Consistency and Asymptotic Normality of Stochastic Block Models Estimators from Sampled Data 

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Sampled data in the SBM framework

The sampled data is an n×n matrix with entries in {0, 1, NA}. It corresponds to the adjacency matrix Y where unobserved dyads have been replaced by NA’s. More formally, let R be the n × n sampling matrix recording the data sampled during this process, such that Rij = 1 if Yij is observed and 0 otherwise; also define Do = {(i, j) : Rij = 1}, Dm = {(i, j) : Rij = 0}, Yo = {Yij : (i, j) 2 Do} and Ym = {Yij : (i, j) 2 Dm} to denote the sets of variables respectively associated with the observed and missing data. The number of nodes n is assumed to be known. The sampling design is the description of the stochastic process that generates R. It is assumed that the network exists before the sampling design acts upon it. Moreover, the sampling design is fully characterized by the conditional distribution p (R|Y), the parameters of which are such that and live in a product space × . Hence the joint probability density function of the observed data satisfies p, (Y,R) = Z Z p(Yo,Ym,Z)p (R|Yo,Ym,Z)dYmdZ. (2.1).
Simplifications may occur in (2.1) depending on the sampling design, leading to the three usual types of missingness (MCAR, MAR and NMAR). This typology depends on the relations between the adjacency matrix Y, the latent structure Z and the sampling R, so that the missingness is characterized by four directed acyclic graphs displayed in Figure 2.1.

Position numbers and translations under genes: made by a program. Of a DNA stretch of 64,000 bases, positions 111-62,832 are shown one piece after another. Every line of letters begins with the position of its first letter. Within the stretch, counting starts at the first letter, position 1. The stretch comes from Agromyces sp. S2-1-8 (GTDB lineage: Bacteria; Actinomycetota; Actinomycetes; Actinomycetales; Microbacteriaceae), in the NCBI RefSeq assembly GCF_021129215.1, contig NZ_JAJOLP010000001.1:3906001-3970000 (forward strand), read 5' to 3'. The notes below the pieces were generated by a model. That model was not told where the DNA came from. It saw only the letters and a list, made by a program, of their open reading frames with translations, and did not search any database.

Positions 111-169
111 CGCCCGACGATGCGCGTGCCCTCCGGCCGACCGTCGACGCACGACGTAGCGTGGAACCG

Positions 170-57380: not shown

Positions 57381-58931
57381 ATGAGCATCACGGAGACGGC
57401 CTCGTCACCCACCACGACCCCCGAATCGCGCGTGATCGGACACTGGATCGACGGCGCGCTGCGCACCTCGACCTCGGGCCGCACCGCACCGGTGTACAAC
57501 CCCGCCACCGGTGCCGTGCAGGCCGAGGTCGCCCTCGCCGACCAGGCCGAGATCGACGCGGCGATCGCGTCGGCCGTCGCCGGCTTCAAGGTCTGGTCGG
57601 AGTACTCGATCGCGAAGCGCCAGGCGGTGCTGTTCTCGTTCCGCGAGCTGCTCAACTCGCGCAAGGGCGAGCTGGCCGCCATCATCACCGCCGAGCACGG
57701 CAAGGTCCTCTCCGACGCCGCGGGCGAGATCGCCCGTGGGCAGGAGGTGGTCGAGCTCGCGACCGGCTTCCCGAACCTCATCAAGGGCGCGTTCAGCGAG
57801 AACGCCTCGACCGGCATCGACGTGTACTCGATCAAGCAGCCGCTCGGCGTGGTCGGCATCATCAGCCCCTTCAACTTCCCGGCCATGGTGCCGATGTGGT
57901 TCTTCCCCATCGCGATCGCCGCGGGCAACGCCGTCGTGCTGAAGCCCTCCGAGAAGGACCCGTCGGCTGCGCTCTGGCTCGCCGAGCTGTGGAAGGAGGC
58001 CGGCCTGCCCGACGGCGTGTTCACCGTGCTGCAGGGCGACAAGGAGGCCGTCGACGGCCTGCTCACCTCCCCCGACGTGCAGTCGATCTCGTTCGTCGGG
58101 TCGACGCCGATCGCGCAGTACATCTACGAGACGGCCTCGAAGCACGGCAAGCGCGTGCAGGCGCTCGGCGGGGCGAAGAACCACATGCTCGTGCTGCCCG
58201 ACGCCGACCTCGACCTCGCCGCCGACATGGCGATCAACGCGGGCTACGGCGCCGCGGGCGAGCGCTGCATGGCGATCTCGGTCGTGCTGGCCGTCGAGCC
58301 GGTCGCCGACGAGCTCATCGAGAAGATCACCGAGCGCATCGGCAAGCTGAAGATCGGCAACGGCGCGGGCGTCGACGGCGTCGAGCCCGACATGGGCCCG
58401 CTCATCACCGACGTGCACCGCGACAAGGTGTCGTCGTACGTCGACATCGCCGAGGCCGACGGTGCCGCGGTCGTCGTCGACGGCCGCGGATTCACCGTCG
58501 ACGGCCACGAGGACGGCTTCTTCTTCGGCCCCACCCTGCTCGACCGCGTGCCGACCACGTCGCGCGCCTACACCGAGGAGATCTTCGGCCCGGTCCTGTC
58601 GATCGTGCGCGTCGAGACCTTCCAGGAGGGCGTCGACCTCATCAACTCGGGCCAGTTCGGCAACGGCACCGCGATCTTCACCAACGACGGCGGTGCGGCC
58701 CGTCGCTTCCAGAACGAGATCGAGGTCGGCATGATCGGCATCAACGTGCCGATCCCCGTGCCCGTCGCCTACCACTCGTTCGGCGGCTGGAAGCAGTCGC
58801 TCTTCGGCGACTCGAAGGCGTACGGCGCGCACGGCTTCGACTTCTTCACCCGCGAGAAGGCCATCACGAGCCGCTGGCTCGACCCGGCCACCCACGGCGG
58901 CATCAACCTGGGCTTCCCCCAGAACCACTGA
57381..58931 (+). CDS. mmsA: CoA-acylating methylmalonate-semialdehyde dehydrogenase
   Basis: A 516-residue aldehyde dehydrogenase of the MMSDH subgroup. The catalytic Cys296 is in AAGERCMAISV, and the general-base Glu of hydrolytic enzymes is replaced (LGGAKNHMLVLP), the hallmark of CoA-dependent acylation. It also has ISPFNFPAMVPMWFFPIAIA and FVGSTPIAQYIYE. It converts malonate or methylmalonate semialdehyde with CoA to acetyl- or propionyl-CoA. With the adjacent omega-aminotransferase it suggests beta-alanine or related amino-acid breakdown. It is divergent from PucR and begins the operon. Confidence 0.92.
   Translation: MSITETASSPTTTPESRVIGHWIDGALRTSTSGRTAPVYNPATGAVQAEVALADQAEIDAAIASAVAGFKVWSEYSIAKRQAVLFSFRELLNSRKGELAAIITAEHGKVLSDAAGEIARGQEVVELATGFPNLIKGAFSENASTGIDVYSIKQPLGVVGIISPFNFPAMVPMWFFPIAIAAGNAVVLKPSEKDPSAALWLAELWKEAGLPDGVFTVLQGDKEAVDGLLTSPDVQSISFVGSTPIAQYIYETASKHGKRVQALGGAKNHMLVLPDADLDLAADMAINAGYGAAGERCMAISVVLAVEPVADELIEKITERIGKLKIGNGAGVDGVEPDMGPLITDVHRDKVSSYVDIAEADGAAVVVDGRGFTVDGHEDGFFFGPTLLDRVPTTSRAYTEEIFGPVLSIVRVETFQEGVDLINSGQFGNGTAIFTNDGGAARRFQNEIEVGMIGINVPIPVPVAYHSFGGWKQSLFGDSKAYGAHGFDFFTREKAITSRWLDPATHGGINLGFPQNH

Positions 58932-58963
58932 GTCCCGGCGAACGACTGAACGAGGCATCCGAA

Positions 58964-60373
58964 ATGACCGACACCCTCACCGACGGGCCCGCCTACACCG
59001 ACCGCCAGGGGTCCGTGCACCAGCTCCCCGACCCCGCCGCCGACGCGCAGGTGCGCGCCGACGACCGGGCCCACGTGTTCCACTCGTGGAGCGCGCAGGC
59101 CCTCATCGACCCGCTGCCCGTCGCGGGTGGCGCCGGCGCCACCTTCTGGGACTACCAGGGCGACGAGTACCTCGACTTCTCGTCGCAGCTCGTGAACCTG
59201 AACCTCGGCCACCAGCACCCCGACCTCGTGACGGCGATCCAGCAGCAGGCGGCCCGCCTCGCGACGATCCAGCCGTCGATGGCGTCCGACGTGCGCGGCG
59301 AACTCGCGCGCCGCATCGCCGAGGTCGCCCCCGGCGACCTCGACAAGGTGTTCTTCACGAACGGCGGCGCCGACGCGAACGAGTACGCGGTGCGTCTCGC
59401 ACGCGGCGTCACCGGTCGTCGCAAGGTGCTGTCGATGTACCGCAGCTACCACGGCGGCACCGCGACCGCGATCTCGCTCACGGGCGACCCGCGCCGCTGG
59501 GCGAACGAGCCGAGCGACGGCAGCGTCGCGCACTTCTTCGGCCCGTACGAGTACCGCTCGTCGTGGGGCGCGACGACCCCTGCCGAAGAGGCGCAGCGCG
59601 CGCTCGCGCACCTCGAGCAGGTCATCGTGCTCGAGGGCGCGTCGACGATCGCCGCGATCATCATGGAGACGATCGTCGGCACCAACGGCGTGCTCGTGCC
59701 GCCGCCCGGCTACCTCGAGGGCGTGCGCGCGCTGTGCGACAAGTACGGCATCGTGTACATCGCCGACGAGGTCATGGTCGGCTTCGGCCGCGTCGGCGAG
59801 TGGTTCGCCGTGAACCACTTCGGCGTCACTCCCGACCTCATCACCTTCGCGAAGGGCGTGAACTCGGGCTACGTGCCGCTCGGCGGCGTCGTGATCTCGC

NMAR inference: the general case

In contrast to the MAR case, conducting inference on the observed dyads only may bias the estimates in the NMAR case. In fact, all observed data (including the sampling matrix R in addition to Yo) must be taken into account. The likelihood of the observed data is thus log p, (Yo,R) and the corresponding completed likelihood has the following decomposition: log p, (Yo,R,Ym,Z) = log p (R|Yo,Ym,Z) + log p(Yo,Ym,Z), (2.7).
where an explicit form of p (R|Yo,Ym,Z) requires further specification of the sampling. The joint distribution p(Yo,Ym,Z) has a form similar to the MAR case. Now, the approximation is required both on latent blocks Z and missing dyads Ym to approximate p(Z,Ym|Yo). We suggest a variational distribution where complete independence is forced on Z and Ym, using a multinomial (resp. Bernoulli ) distribution for Z (resp. for Ym): ˜p,(Z,Ym) = ˜p (Z) ˜p(Ym) = Y i2N m(Zi·; i) Y i,j)2Dm b(Yij ; ij), (2.8).

MAR condition

Algorithm 1 for MAR samplings is tested on affiliation networks with 3 blocks. The number of blocks is assumed to be known. For this topology the probability of connection within a block is and is ten times stronger than the probability of connections between nodes from different blocks. We generate networks with n = 200 nodes and marginal probabilities of belonging to blocks = (1/3, 1/3, 1/3). The sampling design is chosen as a random-dyad sampling with a varying . The difficulty is controlled by two parameters: the sampling  effort and the overall connectivity in matrix , defined by c = P q` q`q`, which is directly related to the choice of : the lower the , the sparser the network and the harder the inference. The simulation is repeated 500 times for each configuration (c, ). Figure 2.2 displays the results in terms of estimation of and of classification recovery, for varying connectivity c and sampling effort . Our method achieves good performances even with a low sampling effort provided that the connectivity is not too low.

NMAR condition